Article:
Mike was restless and Alex was bored. They were both up at their parents' place over Christmas and were itching for a challenge. In their youth they had built many an impressive snow fort but now Mike introduced the idea of building a bonafied inuit shelter: that's right, an igloo. He had seen on TV how a single inuit man could build his own igloo in a matter of hours, all by himself, by precisely cutting snow blocks and fitting them into a spiral pattern. Armed with this tid bit of knowledge and a few blunted garden implements we decided to build our own igloo.
The first and most important thing you need to build an igloo is the right kind of snow. Fortunately there had just been a warm spell over the previous few days so the lowest layers of snow had melted and fused into something similar to firn, which is packed snow that is on its way to becoming ice. We chose a remote location, out on the four acre bush lot we purchased 3 years ago, not because the conditions were ideal, but because we figured it was the place most in need of a snow shelter.
Alex cuts large snow blocks with a scythe blade hockey taped to an old hockey stick.
We began by pacing out a rough circular outline in the snow where we wanted out igloo to stand. The ground wasn't entirely even, but there were few cleared areas on our property and this one was the most central to a large supply of snow. Then we began placing block next to block along our outline and then spiralling upward over previous layers.
The walls begin to rise as Alex places the blocks and mike fits them tightly.
The process continued more or less the same as we spiralled upward, except that we began to lean the blocks increasingly inward in order to start to form a dome shape. Our diameter was about 10 feet, which seems small but it's a large distance to span with nothing but snow: I admit I was a bit skeptical of our chances of success.
We begin to lean the successive tiers of snow blocks inward.
The strength of an igloo's design is in its spiral shape. As we began leaning blocks further and further in it became more and more apparent that it was not the block beneath that supported it in place but rather the block next to it that bore its weight. This meant that the inuit were free from using complex scaffolding and support beams in their igloo construction while supposedly more advanced societies relied on these crutches in their dome construction.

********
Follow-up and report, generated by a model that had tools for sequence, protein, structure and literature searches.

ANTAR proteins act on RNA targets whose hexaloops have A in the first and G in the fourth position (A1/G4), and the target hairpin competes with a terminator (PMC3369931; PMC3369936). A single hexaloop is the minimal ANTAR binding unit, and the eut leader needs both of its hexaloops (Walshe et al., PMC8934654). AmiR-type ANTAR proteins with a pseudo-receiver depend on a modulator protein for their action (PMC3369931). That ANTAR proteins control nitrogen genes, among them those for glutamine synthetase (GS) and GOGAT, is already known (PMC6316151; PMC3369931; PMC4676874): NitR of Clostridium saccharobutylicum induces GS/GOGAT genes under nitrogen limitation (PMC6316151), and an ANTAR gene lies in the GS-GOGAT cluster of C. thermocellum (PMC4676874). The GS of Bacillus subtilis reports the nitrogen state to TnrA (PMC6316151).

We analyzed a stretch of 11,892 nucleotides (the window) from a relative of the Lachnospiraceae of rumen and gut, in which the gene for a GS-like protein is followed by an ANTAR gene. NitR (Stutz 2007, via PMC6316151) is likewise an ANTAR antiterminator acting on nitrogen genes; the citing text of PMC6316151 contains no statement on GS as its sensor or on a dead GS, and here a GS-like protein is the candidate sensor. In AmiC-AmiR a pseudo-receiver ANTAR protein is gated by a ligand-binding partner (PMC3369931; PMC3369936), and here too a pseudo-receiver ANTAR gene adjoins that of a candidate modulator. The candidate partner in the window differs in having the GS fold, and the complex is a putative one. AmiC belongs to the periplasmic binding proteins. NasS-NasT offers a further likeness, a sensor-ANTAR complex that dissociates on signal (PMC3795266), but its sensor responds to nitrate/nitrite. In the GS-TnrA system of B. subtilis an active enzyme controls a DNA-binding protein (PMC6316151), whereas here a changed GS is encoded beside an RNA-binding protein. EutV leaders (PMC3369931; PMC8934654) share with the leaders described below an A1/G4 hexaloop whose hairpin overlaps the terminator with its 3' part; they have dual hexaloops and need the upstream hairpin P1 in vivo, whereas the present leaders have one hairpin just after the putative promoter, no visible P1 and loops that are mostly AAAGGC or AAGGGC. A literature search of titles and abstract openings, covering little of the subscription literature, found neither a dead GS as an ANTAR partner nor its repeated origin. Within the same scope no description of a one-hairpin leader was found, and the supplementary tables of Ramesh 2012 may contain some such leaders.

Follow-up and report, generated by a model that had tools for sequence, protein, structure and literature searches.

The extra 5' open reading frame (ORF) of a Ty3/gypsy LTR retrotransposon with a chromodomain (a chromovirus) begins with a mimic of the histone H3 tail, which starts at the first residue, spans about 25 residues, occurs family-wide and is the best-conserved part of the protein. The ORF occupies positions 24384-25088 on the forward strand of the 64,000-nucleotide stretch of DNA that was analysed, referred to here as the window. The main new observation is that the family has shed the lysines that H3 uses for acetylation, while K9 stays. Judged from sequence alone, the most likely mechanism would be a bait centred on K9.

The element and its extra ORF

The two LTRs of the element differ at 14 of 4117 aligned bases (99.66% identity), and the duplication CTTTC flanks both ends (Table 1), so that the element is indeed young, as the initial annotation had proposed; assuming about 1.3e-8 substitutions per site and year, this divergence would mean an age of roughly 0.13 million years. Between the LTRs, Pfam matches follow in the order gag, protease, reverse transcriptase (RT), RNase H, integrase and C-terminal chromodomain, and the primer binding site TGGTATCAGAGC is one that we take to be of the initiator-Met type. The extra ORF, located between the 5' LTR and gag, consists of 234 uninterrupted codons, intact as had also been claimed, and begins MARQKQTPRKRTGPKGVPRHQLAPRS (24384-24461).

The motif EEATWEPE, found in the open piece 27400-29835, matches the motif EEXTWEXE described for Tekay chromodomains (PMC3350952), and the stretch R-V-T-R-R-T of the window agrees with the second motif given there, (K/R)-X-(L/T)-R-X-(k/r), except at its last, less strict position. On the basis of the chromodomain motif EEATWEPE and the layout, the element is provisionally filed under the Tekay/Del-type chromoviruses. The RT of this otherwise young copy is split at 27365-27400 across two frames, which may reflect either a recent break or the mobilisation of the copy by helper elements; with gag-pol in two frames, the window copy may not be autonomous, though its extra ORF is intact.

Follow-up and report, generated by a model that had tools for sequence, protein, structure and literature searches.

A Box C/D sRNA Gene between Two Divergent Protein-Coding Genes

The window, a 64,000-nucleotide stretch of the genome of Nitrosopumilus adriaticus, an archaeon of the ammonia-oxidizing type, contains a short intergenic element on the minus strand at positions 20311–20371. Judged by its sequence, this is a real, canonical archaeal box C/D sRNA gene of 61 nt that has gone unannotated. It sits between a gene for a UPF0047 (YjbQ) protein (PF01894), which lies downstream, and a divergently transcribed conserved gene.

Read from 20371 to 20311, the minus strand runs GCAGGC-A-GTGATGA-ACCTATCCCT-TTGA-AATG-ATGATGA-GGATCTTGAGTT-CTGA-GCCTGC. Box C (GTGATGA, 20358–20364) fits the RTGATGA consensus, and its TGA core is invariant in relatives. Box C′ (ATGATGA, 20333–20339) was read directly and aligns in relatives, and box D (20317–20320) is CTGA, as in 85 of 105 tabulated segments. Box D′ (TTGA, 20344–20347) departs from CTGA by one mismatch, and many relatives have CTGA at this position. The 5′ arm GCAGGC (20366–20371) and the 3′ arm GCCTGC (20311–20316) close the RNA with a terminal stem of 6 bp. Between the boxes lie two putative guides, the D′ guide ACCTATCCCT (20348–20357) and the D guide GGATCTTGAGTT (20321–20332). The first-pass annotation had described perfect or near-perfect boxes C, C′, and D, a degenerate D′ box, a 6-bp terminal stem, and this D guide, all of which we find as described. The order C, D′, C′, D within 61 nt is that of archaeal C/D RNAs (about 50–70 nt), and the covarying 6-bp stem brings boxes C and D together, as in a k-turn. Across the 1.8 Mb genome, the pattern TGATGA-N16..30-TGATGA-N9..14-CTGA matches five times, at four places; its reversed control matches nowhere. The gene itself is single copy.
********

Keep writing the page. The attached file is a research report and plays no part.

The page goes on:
Mike peeps out from inside the igloo. Note the strong spiral shape that holds the structure up.
Eventually the walls became so high that Alex could not lift the heavy snow blocks over anymore. The time had arrived to cut a door! This involved no complex engineering strategy: Alex simply took his scythe-tool and cut a simple arch out of the south side of the structure. By this point the surrounding walls are clearly strong enough to bear the extra load from above.
Alex cuts a door.
As the igloo gets taller the tiers of blocks really start to taper. The trick is to shape the blocks so that they fit reasonably snuggly, but a perfect fit is not strictly necessary. The structure actually becomes stronger the more the blocks lean on their neighbours (i.e. the tighter the spiral).
The walls begin to really lean inward.
The spiral closes in! Precarious as the blocks may look, they are actually quite stable, making this part of the job safer than it appears.
The blocks of ice lean ever inward, but miraculously stay aloft.
It was getting late and Alex was soaked to the bone from sweat and melted snow. He wanted to call it a day, but Mike refused. Pa, who had come out to take pictures one last time, mentioned casually that real Inuit would have to finish their shelter before nightfall or freeze to death exposed to the arctic elements of the tundra. Of course then he high-tailed it back to his nice warm house for the evening. But not us! Masculine honour on the line, Alex pulled up his socks and fitted the last ten or twelve blocks.
As the light wanes the dome of the igloo nears completion.
The next day we returned to take pictures of the finished product. Here Mike raises his arm over his head to demonstrate the full eight feet of clearance beneath the dome! Granted a smaller igloo would probably have been more practical in preserving warmth, but this one would certainly be more socially comfortable for people used to their own personal space.
Mike demonstrates the height of the finished dome.
The finished igloo stands magestically in the forest clearing. The final dimensions were roughtly eight feet of height (inside) and ten feet diameter (again inside). We never actually counted the blocks but we estimate it took about a hundred and fifty. In total the project took two strapping young lads about five hours -with breaks and chatting roughly eight man-hours. Alex was a little sore from lifting those heavy blocks awkwardly over the sloping walls from the outside, but then he's old. But that is the sum cost of the project: not bad for a shelter that will last until April!
The completed igloo the next day.
Alex and Mike pose with their respective blunt garden instruments in front of their creation. They estimate they could sleep four men comfortably, or -according to the tent standards that nobody can figure out -at least eight men! What is next for this daring duo? The possibility of a winter camping expedition has been bandied about, but who knows what the future might hold....
Alex and Mike stand proudly in front of their finished creation.